The Effect of Time Online on Grades in Online Sociology Courses
Throughout the past decade, web-based teaching and learning have experienced tremendous growth. Yet, research aimed at evaluating determinants of student learning outcomes in online courses is lagging behind. The majority of studies of online student participation have focused on the use of discussion board or other common communication areas. Little attention has been paid to the role time spent online plays in affecting academic performance of college students. The objective of this study was to estimate the relative importance of time spent online, prior grades, and demographic characteristics of students in terms of their academic performance in online sociology courses. Using a multinomial logistic model, the current study examined the odds of attaining one grade versus another depending on the amount of effort and controlling for gender, major, and year in school. Results suggest that among the effects examined in the study, time spent online and previous achievement matter the most.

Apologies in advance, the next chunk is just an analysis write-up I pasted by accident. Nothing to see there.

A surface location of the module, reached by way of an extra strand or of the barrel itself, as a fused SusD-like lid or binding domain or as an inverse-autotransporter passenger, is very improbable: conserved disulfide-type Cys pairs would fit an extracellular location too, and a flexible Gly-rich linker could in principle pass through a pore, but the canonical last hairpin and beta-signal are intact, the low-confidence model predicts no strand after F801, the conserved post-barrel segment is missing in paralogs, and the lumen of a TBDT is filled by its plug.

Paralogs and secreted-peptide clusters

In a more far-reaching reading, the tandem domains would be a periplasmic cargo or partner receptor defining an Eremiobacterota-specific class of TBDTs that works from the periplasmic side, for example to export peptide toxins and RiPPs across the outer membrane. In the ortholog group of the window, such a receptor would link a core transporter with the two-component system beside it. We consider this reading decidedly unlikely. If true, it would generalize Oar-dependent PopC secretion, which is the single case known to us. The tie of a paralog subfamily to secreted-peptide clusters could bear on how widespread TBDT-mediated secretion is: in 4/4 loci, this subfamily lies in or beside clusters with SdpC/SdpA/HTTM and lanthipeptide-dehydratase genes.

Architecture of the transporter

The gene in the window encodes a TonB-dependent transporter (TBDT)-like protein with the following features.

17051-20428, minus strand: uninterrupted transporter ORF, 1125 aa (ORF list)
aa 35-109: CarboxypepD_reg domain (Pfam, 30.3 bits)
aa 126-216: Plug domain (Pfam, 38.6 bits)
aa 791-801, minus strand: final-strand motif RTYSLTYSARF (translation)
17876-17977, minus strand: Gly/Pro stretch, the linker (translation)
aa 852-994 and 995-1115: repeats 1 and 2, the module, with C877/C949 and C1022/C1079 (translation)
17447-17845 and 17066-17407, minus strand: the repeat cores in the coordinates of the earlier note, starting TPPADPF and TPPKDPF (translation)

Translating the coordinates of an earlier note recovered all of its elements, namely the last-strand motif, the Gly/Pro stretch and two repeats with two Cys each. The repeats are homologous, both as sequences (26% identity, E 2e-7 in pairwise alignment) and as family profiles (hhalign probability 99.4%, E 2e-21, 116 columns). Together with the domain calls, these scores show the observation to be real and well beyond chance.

Journal of Online Learning and Teaching